April #34 : La Bomba

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Table of Contents

Faith, Hope and Monica

Vintage Gallo

Silence=Deaf

At the End of the Pier

Mourning Becomes Montero

Baby Love

Chris Crossed

Faith Healing

Do Tell

What This Means: Have Mass, Will Travel

Money: Fine Whines

Less is More

POZ Picks: The Complete Bedside Companion

POZ Verse: Fever

At the End of the Pier

Coming soon to a theater near you

Daytime Trauma

Even Good Boys Do Fail

Relishing Our Time

Killing Me Softly

S.O.S.

Obits

Say What

Shalala Infections

The Fraud Squad

Reefer Badness

Brain Gain

Pipeline Dreams

Virtual Activism

Fruit Loops

What's Cookin'?

United Way

La Bomba

War-Torn Nation



Most Popular Lessons

The HIV Life Cycle

Shingles

Herpes Simplex Virus

Syphilis & Neurosyphilis

Treatments for Opportunistic Infections (OIs)

What is AIDS & HIV?

Hepatitis & HIV


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April 1998

La Bomba

A TNT/3TC combo

Bombs Rock BioChem Pharma," blared Canada's Globe and Mail headline in late November. The first reported violent attack on a Canadian drug company, the bombing of BioChem Pharma Inc. -- discoverer of 3TC, North America's most-prescribed AIDS drug -- triggered a flood of rumors but no leads. Four blasts exploded outside the company headquarters in Laval, Quebec, and at a plant in Montreal, forcing evacuation of more than 250 employees, and causing minor building damage but no injuries or product destruction. Police deactivated two other bombs before they exploded. The next day, an anonymous call to Laval police forced an evacuation of BioChem's Montreal and Ste-Foy plants, but no more bombs boomed. The firm has since heightened security.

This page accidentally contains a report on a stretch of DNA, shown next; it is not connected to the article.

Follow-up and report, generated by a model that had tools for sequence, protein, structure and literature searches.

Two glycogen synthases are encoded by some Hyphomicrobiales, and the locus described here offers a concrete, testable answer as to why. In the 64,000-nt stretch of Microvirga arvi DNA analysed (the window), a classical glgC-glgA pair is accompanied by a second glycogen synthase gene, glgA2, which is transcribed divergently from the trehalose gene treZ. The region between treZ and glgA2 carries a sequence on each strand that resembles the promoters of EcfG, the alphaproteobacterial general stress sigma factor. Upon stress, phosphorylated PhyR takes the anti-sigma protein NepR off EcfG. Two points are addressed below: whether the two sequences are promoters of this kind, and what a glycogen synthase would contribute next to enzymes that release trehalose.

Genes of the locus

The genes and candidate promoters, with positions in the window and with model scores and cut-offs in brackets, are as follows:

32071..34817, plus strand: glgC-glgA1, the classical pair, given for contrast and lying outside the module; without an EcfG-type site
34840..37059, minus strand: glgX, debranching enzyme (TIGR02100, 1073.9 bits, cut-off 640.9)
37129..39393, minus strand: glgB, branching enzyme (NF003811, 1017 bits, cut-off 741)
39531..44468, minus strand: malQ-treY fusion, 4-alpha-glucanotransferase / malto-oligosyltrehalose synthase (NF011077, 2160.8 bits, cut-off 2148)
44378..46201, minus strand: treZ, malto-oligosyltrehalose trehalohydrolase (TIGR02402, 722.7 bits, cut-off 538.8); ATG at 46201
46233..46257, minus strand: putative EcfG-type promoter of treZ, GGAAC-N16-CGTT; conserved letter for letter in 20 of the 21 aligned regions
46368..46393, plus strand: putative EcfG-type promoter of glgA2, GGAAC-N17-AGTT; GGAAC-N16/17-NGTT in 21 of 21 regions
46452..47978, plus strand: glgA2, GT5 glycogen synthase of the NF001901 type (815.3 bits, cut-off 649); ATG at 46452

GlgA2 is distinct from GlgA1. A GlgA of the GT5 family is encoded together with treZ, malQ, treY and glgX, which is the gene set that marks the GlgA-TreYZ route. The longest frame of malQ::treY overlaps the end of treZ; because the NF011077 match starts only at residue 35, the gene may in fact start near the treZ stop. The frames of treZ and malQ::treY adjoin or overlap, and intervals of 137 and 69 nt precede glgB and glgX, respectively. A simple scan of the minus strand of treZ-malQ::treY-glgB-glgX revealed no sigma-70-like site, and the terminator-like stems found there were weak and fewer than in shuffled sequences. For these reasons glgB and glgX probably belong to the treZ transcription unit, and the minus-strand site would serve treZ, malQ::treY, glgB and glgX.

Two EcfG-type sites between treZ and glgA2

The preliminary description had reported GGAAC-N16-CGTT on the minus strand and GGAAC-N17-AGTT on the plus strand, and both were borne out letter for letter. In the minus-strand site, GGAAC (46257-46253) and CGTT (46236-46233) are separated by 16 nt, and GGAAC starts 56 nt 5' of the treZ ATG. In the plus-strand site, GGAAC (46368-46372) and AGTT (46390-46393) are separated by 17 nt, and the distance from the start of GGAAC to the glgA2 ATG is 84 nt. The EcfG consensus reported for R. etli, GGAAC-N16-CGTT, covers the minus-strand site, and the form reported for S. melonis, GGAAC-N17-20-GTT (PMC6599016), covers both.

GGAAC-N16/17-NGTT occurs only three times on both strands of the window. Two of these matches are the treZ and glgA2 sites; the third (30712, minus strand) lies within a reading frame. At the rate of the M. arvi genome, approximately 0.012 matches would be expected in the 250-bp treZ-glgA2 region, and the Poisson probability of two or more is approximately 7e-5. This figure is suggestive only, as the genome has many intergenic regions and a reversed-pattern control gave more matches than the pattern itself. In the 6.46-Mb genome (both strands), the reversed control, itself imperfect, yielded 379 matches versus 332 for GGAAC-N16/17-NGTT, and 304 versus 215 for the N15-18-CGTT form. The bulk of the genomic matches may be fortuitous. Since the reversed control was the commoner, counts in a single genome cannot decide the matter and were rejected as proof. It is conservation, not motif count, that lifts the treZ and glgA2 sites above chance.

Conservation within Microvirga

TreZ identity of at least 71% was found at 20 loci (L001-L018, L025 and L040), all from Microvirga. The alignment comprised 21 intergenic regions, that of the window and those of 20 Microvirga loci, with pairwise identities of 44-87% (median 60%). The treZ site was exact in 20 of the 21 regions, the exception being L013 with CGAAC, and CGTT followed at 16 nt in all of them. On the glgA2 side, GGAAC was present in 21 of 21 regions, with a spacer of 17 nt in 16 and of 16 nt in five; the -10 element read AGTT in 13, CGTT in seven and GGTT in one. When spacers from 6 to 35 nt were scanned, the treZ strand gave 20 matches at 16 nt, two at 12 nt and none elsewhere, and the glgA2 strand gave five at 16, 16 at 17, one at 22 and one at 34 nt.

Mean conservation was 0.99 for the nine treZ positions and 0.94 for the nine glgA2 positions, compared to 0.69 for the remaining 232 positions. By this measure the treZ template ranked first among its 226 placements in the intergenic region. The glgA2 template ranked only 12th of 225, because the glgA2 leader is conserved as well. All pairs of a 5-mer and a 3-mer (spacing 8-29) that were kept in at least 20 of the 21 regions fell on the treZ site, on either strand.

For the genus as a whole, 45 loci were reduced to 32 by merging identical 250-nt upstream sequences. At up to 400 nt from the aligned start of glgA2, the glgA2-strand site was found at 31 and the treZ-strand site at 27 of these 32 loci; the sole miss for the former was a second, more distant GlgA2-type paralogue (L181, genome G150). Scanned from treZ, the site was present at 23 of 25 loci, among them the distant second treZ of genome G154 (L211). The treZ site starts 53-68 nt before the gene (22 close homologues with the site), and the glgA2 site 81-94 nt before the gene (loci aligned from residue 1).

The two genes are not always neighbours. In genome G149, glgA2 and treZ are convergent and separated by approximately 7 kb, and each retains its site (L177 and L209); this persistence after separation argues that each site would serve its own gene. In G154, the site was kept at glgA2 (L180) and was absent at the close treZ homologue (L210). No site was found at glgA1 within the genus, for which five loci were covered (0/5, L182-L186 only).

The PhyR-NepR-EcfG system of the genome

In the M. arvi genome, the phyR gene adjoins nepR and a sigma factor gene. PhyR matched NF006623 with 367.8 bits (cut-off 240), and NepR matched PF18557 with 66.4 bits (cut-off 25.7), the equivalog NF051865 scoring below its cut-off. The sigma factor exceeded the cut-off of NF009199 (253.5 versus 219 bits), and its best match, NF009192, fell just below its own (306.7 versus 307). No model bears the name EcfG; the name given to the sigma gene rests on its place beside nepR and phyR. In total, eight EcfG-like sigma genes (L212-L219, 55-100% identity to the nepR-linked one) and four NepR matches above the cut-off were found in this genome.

Speculation that militant AIDS activists lit the fuse in protest of the high cost of anti-HIV drugs was dismissed by Tim McKaskell, of Toronto's AIDS Action Now! "I don't think it has any connection with AIDS at all," he said. And the Canadian AIDS Society's Russell Armstrong told the Globe, "Even in the United States, where the tone of AIDS activism has been much harsher than here, I don't recall seeing anything of this nature." ACT UP/New York's James Wentzy denied that his group was responsible, terming its actions "always nonviolent, public and in the finest tradition of civil disobedience."

While suspects range from U.S. animal-rights groups to the mob, at presstime authorities were scratching their heads over the unsolved crime. "There is nothing new and we prefer not to speculate," said BioChem Pharma's Michele Roy.




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